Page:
Journal Article

SHORT COMMUNICATION: Human glutathione S-transferase T1–1 enhances mutagenicity of 1, 2-dibromoethane, dibromomethane and 1,2,3,4-diepoxybutane in <i>Salmonella typhimurium</i>

Ricarda Thier, Sally E. Pemble, Harry Kramer, John B. Taylor, F.Peter Guengerich and Brian Ketterer

in Carcinogenesis

Volume 17, issue 1, pages 163-166
Published in print January 1996 | ISSN: 0143-3334
e-ISSN: 1460-2180 | DOI: http://dx.doi.org/10.1093/carcin/17.1.163
SHORT COMMUNICATION: Human glutathione S-transferase T1–1 enhances mutagenicity of 1, 2-dibromoethane, dibromomethane and 1,2,3,4-diepoxybutane in Salmonella typhimurium

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The rat theta class glutathione S-transferase (GST) 5–5 has been shown to affect the mutagenicity of halogenated alkanes and epoxides. In Salmonella typhimurium TA1535 expressing the rat GST5–5 the number of revertants was increased compared to the control strain by CH2Br2, ethylene dibromide (EDB) and 1,2,3,4-diepoxybutane (BDE); in contrast, mutagenicity of 1,2-epoxy-3-(4'-nitro-phenoxy)propane (EPNP) was reduced. S.typhimurium TA1535 cells were transformed with an expression plasmid carrying the cDNA of the human theta ortholog GST1–1 either in sense or antisense orientation, the latter being the control. These transformed bacteria were utilized for mutagenicity assays. Mutagenicity of EDB, BDE, CH2Br2, epibromohydrin and 1,3-dichloroacetone was higher in the S.typhimurium TA1535 expressing GSTT1–1 than in the control strain. The expression of active enzyme did not affect the mutagenicity of 1, 2-epoxy-3-butene or propylene oxide. GSTT1–1 expression reduced the mutagenicity of EPNP. Glutathione S-transferase 5–5 and GSTT1–1 modulate genotoxicity of several industrially important chemicals in the same way. Polymorphism of the GSTT1 locus in humans may therefore cause differences in cancer susceptibility between the two phenotypes.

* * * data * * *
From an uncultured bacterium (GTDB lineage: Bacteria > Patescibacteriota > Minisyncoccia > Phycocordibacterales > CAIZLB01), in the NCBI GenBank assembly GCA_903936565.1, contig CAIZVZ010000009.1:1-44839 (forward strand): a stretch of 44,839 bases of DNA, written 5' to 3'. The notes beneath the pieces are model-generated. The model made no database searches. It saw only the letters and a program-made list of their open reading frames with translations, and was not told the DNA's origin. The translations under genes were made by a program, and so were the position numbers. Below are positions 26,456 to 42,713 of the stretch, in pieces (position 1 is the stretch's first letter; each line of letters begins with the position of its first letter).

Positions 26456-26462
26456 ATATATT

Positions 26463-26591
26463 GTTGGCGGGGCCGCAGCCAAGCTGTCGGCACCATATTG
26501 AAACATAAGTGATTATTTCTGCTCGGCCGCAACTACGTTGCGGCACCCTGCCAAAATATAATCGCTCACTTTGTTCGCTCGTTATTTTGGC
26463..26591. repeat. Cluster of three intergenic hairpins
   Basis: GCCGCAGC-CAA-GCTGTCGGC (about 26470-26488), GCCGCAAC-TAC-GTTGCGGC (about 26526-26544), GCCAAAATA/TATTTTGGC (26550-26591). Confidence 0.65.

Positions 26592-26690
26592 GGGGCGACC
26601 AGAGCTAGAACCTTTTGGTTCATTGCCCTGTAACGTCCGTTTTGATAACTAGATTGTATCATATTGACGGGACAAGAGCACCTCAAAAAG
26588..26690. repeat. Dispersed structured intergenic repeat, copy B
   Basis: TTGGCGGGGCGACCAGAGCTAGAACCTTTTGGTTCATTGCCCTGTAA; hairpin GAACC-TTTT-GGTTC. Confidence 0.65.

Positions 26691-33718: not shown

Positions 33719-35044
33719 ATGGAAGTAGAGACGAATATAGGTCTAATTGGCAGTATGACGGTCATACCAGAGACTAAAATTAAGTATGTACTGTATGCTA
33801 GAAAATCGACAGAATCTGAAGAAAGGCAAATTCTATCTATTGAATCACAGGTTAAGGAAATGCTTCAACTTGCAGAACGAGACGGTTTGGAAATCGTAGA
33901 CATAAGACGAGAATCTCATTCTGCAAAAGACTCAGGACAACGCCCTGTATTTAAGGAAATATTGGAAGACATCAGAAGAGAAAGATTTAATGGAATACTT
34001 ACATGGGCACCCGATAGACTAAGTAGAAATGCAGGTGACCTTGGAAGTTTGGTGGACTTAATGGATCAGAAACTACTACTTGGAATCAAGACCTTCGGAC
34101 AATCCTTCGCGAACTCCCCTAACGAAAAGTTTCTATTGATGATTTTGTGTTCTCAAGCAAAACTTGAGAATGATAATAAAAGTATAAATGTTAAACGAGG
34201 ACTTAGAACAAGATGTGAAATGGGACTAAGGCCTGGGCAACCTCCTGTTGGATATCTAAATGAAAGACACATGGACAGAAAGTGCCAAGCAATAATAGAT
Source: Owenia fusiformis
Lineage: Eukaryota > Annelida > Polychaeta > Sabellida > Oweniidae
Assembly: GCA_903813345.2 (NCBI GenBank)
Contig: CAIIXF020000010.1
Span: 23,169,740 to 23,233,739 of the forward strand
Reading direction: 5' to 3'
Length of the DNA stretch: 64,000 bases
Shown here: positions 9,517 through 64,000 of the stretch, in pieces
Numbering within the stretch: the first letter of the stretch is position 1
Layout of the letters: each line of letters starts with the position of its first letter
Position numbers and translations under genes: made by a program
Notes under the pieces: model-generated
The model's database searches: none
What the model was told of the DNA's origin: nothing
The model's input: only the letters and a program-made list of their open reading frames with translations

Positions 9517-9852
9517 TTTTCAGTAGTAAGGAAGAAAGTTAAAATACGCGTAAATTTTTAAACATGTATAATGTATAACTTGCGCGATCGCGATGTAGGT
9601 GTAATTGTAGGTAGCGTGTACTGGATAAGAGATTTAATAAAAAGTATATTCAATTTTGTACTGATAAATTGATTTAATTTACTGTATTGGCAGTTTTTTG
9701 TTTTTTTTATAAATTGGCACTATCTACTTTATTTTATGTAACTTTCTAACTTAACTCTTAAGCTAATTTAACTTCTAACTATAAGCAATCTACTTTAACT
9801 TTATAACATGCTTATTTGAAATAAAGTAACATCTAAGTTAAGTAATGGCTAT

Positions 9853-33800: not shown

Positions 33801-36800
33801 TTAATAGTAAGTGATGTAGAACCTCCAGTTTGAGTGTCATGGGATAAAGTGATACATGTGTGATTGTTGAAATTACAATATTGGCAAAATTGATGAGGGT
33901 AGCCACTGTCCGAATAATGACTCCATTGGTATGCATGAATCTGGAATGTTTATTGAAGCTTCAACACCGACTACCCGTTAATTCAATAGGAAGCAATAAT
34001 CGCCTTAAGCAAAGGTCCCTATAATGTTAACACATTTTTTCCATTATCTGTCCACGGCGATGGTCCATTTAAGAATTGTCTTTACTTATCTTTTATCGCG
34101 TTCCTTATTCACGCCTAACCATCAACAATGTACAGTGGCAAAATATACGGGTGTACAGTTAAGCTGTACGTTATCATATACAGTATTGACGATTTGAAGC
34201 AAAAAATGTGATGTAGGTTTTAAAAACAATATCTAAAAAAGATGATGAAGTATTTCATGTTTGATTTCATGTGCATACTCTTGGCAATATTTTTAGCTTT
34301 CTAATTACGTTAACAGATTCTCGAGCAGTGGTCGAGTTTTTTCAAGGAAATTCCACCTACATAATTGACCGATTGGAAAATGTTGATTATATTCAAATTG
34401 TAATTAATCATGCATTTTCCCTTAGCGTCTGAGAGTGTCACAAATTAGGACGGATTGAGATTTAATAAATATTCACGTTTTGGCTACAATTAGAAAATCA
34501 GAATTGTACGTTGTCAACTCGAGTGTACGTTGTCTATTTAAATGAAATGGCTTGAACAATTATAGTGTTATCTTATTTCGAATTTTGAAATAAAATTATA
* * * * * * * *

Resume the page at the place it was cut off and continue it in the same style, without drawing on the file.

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Subjects: Clinical Cytogenetics and Molecular Genetics

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